In groundbreaking research, scientists have demonstrated the ability to strategically attach gold nanoparticles - particles on the order of billionths of a meter - to proteins so as to form sheets of protein-gold arrays. The nanoparticles and methods to create nanoparticle-protein complexes can be used to help decipher protein structures, to identify functional parts of proteins, and to "glue" together new protein complexes. Applications envisioned by the researchers include catalysts for converting biomass to energy and precision "vehicles" for targeted drug delivery.
The research, which was conducted at the U.S. Department of Energy's Brookhaven National Laboratory, will be published in the July 2, 2007 issue of the journal Angewandte Chemie.
"Our study demonstrates that nanoparticles are appealing templates for assembling functional biomolecules with extensive potential impact across the fields of energy conversion, structural biology, drug delivery, and medical imaging," said lead author Minghui Hu, a postdoctoral student working with James Hainfeld, Raymond Brinas, Luping Qian, and Elena Lymar in the Biology Department at Brookhaven Lab.
In the field of energy conversion, scientists have been searching for efficient ways to convert organic fuels such as ethanol into electricity using catalytic electrodes. But making single layers of densely packed enzymes, the functional part of such catalytic electrodes, has been a challenge. This new research shows that precisely engineered gold nanoparticles can be used to "glue" enzymes together to form oriented and ordered single layers, and that these monolayers are mechanically stable enough to be transferred onto a solid surface such as an electrode.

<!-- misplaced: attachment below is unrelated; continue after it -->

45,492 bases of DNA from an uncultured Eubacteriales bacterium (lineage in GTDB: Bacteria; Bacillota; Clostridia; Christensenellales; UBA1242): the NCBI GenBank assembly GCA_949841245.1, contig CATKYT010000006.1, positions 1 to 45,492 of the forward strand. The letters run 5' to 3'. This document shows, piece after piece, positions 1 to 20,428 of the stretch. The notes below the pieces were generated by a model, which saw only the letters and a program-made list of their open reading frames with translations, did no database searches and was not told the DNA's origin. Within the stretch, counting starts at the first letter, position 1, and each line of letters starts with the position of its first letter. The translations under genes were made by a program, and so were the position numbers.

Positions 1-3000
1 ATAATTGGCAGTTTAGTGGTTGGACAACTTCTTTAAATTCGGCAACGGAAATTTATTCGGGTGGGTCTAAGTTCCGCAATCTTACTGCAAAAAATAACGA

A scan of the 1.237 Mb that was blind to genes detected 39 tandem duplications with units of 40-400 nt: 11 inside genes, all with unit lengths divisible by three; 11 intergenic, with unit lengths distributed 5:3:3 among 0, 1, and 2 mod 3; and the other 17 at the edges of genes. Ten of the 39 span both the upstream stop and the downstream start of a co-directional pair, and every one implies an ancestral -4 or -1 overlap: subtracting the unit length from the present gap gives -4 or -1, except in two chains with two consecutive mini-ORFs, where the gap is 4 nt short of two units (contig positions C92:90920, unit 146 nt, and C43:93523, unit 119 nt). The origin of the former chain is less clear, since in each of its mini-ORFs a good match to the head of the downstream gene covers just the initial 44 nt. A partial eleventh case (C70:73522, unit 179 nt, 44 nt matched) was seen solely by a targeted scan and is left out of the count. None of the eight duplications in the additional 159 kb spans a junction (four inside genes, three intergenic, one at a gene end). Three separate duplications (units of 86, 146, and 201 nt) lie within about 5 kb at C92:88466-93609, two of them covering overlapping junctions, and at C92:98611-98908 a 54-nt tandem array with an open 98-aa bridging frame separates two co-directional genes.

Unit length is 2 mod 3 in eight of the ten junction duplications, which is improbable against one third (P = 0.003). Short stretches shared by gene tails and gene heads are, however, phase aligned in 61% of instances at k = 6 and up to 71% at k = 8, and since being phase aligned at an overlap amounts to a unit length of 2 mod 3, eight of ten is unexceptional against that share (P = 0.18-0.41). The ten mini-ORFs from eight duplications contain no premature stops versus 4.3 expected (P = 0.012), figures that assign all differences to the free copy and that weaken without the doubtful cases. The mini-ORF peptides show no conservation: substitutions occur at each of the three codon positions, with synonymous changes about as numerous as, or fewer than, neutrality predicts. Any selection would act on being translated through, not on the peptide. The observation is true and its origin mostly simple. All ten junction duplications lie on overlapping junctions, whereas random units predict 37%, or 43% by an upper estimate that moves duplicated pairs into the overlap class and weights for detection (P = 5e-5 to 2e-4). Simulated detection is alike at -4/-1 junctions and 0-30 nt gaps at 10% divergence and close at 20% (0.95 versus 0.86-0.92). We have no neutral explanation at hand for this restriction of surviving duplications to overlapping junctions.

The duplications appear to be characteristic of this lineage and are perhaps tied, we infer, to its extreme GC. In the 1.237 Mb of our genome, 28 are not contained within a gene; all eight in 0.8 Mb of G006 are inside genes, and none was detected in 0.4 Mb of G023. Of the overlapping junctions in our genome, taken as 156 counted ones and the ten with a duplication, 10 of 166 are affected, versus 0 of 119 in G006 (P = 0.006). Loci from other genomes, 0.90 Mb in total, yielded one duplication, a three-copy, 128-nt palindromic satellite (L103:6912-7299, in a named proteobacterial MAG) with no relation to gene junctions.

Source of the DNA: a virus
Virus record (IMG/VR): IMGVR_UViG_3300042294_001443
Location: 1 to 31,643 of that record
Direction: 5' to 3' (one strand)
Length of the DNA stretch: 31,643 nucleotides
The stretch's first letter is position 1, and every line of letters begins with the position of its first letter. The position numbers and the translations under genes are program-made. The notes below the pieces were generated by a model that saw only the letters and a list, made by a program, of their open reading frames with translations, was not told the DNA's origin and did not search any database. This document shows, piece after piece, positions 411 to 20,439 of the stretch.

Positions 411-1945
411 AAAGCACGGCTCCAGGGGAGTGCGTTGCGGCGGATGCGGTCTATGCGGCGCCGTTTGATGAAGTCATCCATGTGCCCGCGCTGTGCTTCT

For this research, the scientists attached gold nanoparticles to an enzyme complex that helps drug-resistant tuberculosis bacteria survive, which has been studied by Brookhaven Lab biologist Huilin Li. The researchers suggest that gold nanoparticles might also be tailored to inactivate this enzyme complex, thereby thwarting drug-resistant TB - a research avenue they may explore in future studies.